Zaha Hadid: Form In Motion
Zaha Hadid has advanced the language of contemporary architecture and design,exploring complex fluid geometries and using cutting-edge digital design and fabrication technologies.
For Zaha Hadid: Form in Motion Hadid has create an all-encompassing environment to display examples of the furniture, objects, and footwear she has designed in recent years as well as her three-wheeled Z-Car I, an aerodynamic prototype mimicking several of Hadid’s sculptural forms.
Combining architecture and design, Zaha Hadid: Form in Motion displays an environment of an undulating structure of finished polystyrene with vinyl graphics based on curvilinear geometries. Exploiting a formal language of fluid movement, Hadid’s exhibition design emphasizes the continuous nature of her work, and how the fields of architecture, urbanism, and design are closely interrelated in her practice.
Sleekly curving sofas, tables,and chairs made of materials ranging from steel and aluminum to polyurethane inhabits the gallery, while jewelry, shoes, and tableware, installed together in small groups along a rippling wall represent the wide variety of new and unusual shapes Hadid has introduced into the language of design.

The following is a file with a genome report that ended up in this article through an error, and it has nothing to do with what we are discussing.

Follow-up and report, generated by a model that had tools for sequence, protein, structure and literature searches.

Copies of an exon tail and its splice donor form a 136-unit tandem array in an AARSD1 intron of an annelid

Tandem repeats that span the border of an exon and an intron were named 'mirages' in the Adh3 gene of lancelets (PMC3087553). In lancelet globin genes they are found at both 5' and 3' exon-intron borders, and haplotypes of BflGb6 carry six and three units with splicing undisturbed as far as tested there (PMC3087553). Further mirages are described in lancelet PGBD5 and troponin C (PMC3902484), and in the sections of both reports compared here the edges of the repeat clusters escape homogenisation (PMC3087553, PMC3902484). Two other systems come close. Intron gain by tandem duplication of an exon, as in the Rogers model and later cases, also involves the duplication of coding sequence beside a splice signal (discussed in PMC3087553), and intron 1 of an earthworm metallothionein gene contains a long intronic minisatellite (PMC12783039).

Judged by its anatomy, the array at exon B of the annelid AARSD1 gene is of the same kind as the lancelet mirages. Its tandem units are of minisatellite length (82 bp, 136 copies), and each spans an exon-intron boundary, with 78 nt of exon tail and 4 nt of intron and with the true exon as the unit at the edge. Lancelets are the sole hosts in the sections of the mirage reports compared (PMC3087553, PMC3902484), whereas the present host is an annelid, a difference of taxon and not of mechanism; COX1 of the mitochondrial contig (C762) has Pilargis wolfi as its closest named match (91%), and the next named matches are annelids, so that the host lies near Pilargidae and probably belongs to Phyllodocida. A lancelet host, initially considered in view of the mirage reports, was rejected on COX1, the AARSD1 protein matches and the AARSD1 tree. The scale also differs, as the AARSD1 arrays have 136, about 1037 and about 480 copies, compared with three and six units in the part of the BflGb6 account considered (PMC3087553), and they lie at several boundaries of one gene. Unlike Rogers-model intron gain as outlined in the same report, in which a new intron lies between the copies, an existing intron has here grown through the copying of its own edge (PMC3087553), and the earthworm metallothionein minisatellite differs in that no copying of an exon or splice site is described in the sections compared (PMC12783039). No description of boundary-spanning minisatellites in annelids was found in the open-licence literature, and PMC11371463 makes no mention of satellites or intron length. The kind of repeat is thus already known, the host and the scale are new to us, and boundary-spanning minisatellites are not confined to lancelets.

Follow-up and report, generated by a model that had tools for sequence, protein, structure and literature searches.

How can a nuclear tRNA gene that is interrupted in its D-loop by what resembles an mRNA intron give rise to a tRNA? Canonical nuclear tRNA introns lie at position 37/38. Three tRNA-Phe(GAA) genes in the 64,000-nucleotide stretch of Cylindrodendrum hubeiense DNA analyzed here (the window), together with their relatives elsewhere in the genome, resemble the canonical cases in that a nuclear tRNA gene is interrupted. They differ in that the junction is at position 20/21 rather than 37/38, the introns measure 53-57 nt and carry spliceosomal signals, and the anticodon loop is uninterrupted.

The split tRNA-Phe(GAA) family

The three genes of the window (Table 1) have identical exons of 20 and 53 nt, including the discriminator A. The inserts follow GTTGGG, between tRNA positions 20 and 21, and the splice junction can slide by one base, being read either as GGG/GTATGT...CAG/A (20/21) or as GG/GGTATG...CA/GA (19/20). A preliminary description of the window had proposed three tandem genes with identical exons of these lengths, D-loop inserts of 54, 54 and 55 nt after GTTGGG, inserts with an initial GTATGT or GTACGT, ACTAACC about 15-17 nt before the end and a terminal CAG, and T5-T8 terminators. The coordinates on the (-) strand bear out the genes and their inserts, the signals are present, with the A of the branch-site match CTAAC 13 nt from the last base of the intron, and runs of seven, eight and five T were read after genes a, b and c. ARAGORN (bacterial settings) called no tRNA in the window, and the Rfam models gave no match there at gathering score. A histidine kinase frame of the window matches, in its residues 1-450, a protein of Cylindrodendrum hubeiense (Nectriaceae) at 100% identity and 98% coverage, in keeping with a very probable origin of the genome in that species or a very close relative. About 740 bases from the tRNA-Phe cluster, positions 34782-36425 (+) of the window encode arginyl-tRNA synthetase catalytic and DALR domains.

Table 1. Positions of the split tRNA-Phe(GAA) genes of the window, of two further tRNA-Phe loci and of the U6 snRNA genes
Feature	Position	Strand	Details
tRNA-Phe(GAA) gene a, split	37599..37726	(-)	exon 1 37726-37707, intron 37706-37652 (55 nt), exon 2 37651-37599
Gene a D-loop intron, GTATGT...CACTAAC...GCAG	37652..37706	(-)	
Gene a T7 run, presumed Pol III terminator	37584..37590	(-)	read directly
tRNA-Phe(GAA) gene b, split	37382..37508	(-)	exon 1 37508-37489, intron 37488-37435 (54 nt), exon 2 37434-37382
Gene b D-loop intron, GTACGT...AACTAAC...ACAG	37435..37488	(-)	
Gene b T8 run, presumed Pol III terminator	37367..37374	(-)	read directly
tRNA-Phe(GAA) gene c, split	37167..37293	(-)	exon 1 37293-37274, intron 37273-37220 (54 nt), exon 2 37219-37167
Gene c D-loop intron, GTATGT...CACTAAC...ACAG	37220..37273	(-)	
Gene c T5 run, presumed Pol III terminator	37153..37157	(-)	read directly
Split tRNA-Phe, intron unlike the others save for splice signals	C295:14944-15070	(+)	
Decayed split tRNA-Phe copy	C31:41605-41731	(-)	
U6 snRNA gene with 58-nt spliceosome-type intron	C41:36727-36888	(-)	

Some works are disguised as micro-architecture, such as the Coffee & Tea Set(1997), nearly unidentifiable as a set of containers for tea, coffee, milk, and sugar. Others, including WMF Flatware and Crevasse Vases, are more transparent in function.
Among the highlights are a collection of Swarovski crystal-encrusted necklaces and bracelets, and spiraling, strappy shoes made for Melissa and Lacoste.
|The design expression behind the collaboration with Lacoste footwear allows the evolution of dynamic fluid grids. When wrapped around the shape of a foot, these expand and contract to negotiate and adapt to the body ergonomically. In doing so a landscape emerges, undulating and radiating as it merges seamlessly with the body.|
|Hadid is interested in the interface between architecture, landscape, and geology, and explores the intersection of these elements with a spatial composition that ebbs and flows in wave-like movements, manipulating the viewer’s understanding of space with constantly shifting perspectives.|
|/Kathryn Bloom Hiesinger, Curator of European Decorative Arts after 1700|